Look, maybe I'm just getting a bit grouchy in my old age. Perhaps some people could squeeze some fun out of Delta Charge! and the best of luck to them. But can this game really be from the same people who brought us Sanxion? (I mean, okay, Sanxion wasn't graphically brilliant either, but it did well in the gameplay stakes, something conspicuously absent in Delta Charge!). The way I see it, there are a hundred and one shoot-'em-ups out there that are miles better than this one, and seeing this released really is a significant step backwards for Speccy technology. Come back DNA Warrior, all is forgiven! (Well, almost all.)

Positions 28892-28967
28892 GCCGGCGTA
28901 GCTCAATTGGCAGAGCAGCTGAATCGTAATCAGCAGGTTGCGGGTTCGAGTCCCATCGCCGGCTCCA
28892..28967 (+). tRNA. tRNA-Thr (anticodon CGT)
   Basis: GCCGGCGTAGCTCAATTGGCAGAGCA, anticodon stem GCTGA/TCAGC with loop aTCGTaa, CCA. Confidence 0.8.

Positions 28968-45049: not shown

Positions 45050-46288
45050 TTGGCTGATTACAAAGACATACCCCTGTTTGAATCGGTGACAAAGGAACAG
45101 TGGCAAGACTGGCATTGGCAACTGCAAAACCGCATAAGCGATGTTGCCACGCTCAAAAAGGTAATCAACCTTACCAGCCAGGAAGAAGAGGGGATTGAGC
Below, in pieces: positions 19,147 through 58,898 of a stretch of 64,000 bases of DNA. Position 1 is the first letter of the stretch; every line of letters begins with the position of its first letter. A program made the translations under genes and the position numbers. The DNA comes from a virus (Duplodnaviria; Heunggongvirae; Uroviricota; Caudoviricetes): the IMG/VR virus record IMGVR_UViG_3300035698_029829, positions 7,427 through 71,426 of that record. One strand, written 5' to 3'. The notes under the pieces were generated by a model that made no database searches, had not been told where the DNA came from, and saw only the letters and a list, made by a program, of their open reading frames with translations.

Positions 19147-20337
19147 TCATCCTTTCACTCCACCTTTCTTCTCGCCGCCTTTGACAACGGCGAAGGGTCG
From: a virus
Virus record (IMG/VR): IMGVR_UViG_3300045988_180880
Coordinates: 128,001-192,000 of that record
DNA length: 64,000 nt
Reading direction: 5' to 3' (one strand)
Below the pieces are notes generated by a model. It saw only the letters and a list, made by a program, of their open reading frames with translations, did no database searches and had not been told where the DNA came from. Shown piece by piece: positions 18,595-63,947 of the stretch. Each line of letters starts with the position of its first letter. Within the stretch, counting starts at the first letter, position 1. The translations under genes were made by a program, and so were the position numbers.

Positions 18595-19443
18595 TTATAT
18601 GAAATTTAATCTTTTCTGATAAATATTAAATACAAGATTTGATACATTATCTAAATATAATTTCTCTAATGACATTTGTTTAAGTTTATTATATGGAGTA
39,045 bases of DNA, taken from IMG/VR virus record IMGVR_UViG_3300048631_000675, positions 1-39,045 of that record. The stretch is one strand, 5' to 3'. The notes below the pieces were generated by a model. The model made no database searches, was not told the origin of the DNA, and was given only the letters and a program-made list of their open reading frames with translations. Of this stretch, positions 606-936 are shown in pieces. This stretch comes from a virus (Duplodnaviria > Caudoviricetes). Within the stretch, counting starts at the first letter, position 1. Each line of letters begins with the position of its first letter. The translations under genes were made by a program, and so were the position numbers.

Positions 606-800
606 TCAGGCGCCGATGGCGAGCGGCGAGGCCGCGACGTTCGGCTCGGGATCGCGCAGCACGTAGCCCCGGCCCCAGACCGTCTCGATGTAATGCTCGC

Now if you don't mind I'd rather talk about some more interesting things called 'Delta'. Hmmmm, let me see. Tonight on Sky Movies (as I write this back towards the end of April) we've got that crap film Delta Force with a very old Lee Marvin as an American command rescuing hostages from a hijacked plane in Beiruit (sadly the reverse of real life events, fact fans). Um, Then there's my full-sized pinball machine which I've got in my bedroom, the Bally 'Delta Queen'. Oh, and there's the Mississippi river delta down New Orleans way, home of crawfish gumbo and serious boogie-woogie music, and... (That's enough more interesting things called 'Delta'. Ed)


Life Expectancy50%
Graphics56%
Addictiveness60%
Instant Appeal55%
Overall55%
Summary: Delta Charge - the game that makes DNA Warrior look like R-Type (ie it's a bit crap.)

Transcript by Chris Bourne

Sinclair User Issue 100, June 1990   page(s) 18